Problems with the Supreme Court’s Approach in M.K. Ranjitsinh

The judgement no doubt represents a positive development in Indian jurisprudence, but is also problematic for a number of reasons. The judgement ultimately is deeply anthropocentric and insensitive to the court’s own existing jurisprudence on ecocentric law and the legal recognition of the more-than-human in India: the endangered birds that form the focus of the original petition are disallowed existing protection that was in place from the earlier blanket prohibition against new overhead power lines in the region. In its enthusiastic championing of solar energy, the court also appears to be entirely oblivious to the very harmful ecological and human rights impacts of large-scale renewable (solar) energy projects. The judgement is also silent on how non-renewable power sources will likely also benefit from its removal of restrictions on overhead power transmission lines in the region. Finally, the decision also reflects an excessive deference to cost-efficiency calculations and governmental assertions of technical possibility that many who recognise the urgency of the climate and biodiversity loss breakdown will find deeply misguided.

On the newly-declared climate right to be free from the adverse effects of climate change, the court’s analysis of mitigation and adaptation in the Indian and global context appears muddled and less rigorous than desirable. The judgement also disappoints by offering nothing on how the new right that has been declared will be protected in practice.

Using this Moment in Climate Litigation in India to Reflect on Climate Legislation in India

In contrast to framework litigation cases in the Global North (most notably in the EU), which rely on existing climate legislation and seek judicial intervention for more enhanced climate ambition through (in particular) reduced emissions, climate litigation in India cannot at present anchor itself to an overarching climate legislation, since such legislation does not exist.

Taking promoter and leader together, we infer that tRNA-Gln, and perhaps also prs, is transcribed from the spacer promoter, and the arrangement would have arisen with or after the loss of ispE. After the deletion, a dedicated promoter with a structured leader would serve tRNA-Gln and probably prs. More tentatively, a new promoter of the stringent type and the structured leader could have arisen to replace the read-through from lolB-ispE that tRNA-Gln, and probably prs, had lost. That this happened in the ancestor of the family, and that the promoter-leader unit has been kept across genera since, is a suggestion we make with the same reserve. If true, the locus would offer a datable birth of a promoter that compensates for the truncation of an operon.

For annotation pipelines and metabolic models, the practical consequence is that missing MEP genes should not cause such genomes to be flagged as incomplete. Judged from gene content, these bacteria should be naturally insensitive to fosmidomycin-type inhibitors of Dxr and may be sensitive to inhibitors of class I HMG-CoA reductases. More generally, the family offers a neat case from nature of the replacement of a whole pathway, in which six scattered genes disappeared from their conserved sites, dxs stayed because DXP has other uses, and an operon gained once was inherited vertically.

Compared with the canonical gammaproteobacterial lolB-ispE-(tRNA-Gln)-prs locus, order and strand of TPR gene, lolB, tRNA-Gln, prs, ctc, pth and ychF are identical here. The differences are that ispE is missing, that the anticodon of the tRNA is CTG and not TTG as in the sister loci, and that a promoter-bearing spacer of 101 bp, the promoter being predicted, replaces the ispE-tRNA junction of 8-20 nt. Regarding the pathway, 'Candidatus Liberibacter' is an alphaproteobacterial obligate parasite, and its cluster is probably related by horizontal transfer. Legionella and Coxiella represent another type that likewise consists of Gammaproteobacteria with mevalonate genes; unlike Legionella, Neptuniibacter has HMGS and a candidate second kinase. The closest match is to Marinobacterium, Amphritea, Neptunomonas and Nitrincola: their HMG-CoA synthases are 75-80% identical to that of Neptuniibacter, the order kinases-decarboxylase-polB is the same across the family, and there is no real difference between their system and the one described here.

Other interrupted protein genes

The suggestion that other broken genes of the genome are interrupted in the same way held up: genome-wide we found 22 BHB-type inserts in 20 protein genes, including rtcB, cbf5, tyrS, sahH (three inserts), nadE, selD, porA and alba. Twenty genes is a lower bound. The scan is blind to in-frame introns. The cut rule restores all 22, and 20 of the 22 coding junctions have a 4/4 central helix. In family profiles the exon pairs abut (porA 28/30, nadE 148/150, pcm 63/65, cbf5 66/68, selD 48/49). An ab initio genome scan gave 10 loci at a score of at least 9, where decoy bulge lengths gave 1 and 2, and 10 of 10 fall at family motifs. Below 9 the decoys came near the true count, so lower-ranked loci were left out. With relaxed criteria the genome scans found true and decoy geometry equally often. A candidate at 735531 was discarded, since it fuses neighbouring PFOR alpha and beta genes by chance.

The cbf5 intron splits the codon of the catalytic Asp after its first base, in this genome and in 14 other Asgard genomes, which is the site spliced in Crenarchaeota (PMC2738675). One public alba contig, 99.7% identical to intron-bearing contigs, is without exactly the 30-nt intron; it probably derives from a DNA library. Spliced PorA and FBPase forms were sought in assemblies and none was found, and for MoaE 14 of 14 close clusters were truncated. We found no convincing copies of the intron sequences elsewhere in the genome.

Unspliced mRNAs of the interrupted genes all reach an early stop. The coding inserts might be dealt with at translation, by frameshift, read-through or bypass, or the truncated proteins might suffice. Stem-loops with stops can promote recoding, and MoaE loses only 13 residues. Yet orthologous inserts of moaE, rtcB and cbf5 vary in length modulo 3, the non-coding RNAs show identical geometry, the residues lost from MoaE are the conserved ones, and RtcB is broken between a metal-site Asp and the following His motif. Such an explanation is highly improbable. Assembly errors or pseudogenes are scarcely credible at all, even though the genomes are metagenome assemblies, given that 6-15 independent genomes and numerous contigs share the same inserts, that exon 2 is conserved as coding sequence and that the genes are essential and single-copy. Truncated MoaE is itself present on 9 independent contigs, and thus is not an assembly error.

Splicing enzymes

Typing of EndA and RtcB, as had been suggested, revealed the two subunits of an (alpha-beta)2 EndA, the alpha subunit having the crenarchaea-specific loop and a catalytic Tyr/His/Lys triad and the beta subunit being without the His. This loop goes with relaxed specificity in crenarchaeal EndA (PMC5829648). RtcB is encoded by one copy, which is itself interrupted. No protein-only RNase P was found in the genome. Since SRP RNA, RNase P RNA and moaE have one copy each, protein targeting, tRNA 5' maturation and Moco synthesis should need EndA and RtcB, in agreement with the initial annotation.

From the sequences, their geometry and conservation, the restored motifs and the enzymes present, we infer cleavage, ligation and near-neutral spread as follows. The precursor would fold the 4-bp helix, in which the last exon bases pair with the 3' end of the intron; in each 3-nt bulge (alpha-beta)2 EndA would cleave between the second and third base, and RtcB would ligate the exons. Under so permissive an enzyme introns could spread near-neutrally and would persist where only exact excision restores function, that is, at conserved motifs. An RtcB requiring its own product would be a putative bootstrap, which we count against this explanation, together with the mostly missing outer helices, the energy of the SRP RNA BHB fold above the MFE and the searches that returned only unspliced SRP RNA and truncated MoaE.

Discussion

This legislative vacuum finds acknowledgement in the judgement, with the bench observing:

Despite governmental policy and rules and regulations recognising the adverse effects of climate change and seeking to combat it, there is no single or umbrella legislation in India which relates to climate change and the attendant concerns. However, this does not mean that the people of India do not have a right against the adverse effects of climate change” (Paragraph 19).

Over half a decade ago, we wrote about the fragmented and disjointed nature of India’s climate policy landscape, arguing for a comprehensive policy document or integrated national legislation to replace some of the outdated policy plans on climate change, in order to reflect a new vision for urgently meeting the goal of effectively combating climate change. A judgement like M.K. Ranjitsinh will undoubtedly strengthen claims before the judiciary, which seek to directly bring the violation of the right against the adverse effects of climate change into issue. However, at the same time, it remains imperative that India enacts climate legislation to safeguard climate justice considerations and to provide greater transparency and institutional certainty on the trajectory to meet its avowed goal of net-zero emissions by 2070. It remains critically important to engage with the need for an integrated, holistic, imaginative, and effective climate protection law and policy framework in the days ahead.

SUGGESTED CITATION  Kumar, Parul; Naik, Abhayraj: India’s New Constitutional Climate Right:

Examining the Significance of M.K. Ranjitsinh and Others v. Union of India and Others for Climate Litigation in India

, VerfBlog,
2024/4/25, https://verfassungsblog.de/indias-new-constitutional-climate-right/, DOI: 10.59704/a03c6e7b7b3cc925.

Leave A Comment


1. We welcome your comments but you do so as our guest. Please note that we will exercise our property rights to make sure that Verfassungsblog remains a safe and attractive place for everyone. Your comment will not appear immediately but will be moderated by us. Just as with posts, we make a choice. That means not all submitted comments will be published.

2. We expect comments to be matter-of-fact, on-topic and free of sarcasm, innuendo and ad pers